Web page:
In light of the COVID-19 emergency, adult day centers across the country were forced to temporarily shut down or operate at limited capacity. Now, adult day providers are navigating how to safely open back up again.
Broadly, adult day centers give seniors access to community-based social and health services. This can include recreational activities, meals, medical services, therapeutic activities and personal care.
Over the years, adult day services have become a popular way to provide care and companionship for seniors. In fact, there are over 5,000 adult day centers serving more than 260,000 individuals across the U.S., according to the National Adult Day Services Association.
Despite this growing popularity, adult day providers were not the recipients of major funding from the federal government when the public health emergency hit. Combined with revenue loss from limited capacity or shutdowns, that lack of government relief took a toll on providers.
In response, LeadingAge, the Washington, D.C.-based association of nonprofit providers of aging services, sprung into action. In November, the advocacy organization penned a letter to Congress urging lawmakers to provide relief.
Since then, there has been some progress: specifically, the American Rescue Plan’s allocation of an estimated $13 billion to home- and community-based services, through the 10% FMAP bump, according to Brendan Flinn, the director of home- and community-based services at LeadingAge.
“With the guidance for that coming out and anticipating the state will start to receive and use those funds soon — the investment had been made,” he told Home Health Care News. “We’re looking forward to seeing all the different things that states will do to shore up adult day services providers, and make sure providers of home- and community-based services have the resources they need to deliver care.”
When Rogerson Communities’ adult day programs originally closed its doors at the end of March 2020, there were many considerations the organization had to take into account in order to ensure seniors still received care, according to Dr. Brandi Derr, director of programs at Rogerson Communities.
“The clinical team and leadership team really had to come together and start thinking about who can be at home with remote support from us and … who would really suffer from the day programs closing,” she told HHCN. “We put a lot of our care planning focus on the folks we knew would have a tough time being at home without a place to physically come in to receive services. We tried to create more wraparound services for them.”
This meant services ranging from in-home rehab to meal packages.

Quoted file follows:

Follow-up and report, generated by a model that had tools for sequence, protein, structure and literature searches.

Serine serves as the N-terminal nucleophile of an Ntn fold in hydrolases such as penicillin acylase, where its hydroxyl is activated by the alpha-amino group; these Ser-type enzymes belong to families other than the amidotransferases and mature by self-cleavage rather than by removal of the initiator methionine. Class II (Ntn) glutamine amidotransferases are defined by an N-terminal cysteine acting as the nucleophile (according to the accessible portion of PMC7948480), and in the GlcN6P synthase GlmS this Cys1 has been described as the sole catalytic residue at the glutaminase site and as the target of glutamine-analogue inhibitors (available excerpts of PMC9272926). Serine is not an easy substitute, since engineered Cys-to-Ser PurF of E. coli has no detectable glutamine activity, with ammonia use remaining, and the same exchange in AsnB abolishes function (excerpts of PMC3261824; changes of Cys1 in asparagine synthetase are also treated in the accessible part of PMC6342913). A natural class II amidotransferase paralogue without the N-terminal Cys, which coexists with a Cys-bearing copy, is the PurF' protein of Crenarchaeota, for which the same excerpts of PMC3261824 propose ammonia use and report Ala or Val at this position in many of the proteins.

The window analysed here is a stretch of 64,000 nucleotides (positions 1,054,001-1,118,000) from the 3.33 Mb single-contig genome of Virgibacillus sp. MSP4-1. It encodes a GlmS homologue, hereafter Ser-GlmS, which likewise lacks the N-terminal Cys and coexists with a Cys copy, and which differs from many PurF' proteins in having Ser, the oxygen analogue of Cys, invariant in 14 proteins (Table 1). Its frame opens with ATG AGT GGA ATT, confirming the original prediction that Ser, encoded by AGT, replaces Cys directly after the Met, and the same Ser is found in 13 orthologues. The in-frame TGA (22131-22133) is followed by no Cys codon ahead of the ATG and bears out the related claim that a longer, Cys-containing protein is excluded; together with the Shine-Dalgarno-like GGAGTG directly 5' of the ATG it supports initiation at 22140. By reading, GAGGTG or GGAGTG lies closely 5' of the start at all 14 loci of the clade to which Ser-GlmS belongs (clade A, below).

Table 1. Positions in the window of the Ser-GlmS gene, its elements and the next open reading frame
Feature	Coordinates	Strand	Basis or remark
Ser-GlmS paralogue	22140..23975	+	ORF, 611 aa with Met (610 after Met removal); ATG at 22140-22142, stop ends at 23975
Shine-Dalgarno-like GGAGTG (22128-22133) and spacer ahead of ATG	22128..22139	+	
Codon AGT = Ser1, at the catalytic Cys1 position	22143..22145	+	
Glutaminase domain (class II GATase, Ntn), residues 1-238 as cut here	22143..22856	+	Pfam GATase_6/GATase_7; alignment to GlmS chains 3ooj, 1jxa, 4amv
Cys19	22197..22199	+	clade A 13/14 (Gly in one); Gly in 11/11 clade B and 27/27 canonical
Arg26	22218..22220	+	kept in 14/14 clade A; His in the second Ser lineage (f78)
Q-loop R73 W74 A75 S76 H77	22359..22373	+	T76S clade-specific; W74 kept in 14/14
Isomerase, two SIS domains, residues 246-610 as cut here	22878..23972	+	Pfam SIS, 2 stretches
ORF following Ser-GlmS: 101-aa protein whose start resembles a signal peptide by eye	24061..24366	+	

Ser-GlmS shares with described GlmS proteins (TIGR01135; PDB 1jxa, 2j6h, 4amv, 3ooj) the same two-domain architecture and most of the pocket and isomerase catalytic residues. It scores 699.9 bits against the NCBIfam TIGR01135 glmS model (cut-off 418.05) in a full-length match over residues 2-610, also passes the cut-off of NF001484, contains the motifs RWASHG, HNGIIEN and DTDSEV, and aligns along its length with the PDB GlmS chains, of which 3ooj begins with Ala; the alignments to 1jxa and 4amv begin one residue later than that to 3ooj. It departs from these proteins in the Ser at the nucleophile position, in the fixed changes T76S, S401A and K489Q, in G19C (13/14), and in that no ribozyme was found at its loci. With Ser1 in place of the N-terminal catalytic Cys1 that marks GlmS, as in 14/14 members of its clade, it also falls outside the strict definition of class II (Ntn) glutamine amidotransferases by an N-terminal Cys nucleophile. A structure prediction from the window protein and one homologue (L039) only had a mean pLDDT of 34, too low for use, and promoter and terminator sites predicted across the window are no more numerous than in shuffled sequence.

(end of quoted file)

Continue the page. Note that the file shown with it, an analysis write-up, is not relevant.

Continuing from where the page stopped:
Boston, Massachusetts-based Rogerson Communities offers senior housing and health care services. The company operates three adult day health programs and one adult day social program that serve about 325 seniors annually.
As an organization, Rogerson Communities’ offers the full scope of adult day programming. Rogerson Communities’ staff includes on-site nurses, on-site certified nursing assistants, therapeutic activity coordinators, kitchen coordinators and social services professionals, in addition to a transportation team that enables the company to provide seniors rides to and from home.
Rogerson Communities began re-opening its adult day centers — at 50% census capacity — last August. For context, pre-COVID, the organizations’ Roslindale, Massachusetts, site had the capacity for 90 participants per day.
“We did it in phases,” Derr said. “We started with a soft opening with about five to 10 participants, and then we just kept gradually increasing week by week, just to build ourselves up and to get our staffing back in order.”
In order to re-open safely, Rogerson Communities went through its entire adult day program and completely redesigned the structure to adhere to social distancing precautions.
“We went from these large communal rooms to these sort of pod-programming spaces,” Derr said. “We set tables 6 feet apart, we had plexiglas dividers, and we changed our food delivery model, … paying more to have meals that are pre-packed individually. Then we had to review with every single incoming participant what the new normal would be.”
As adult day centers across the country continue to re-open, providers will need to stay on top of the different requirements and regulations that are happening at the state level, according to Flinn.
“Different states have different rules in place and different timetables,” he said. “What we are seeing is that adult day providers are doing a really good job in response to all of those different rules, requirements, guidance, etc. Providers have really demonstrated their ability to provide care to the older adults they serve in a way that is safe — whether that is universal masking policies, helping people get vaccinated or other measures within their centers.”
While many providers have been able to re-open their doors, one of the lasting impacts of the public health emergency will be that it drove many adult day centers to close their doors permanently.
“If fewer providers are operating community services, [it means] fewer people are able to receive community services, and that creates a whole slew of issues, particularly as we look at the demographics,” Flinn said. “This is a country that has a growing aging population. Adult day is a critical piece of the long-term services and supports puzzle.”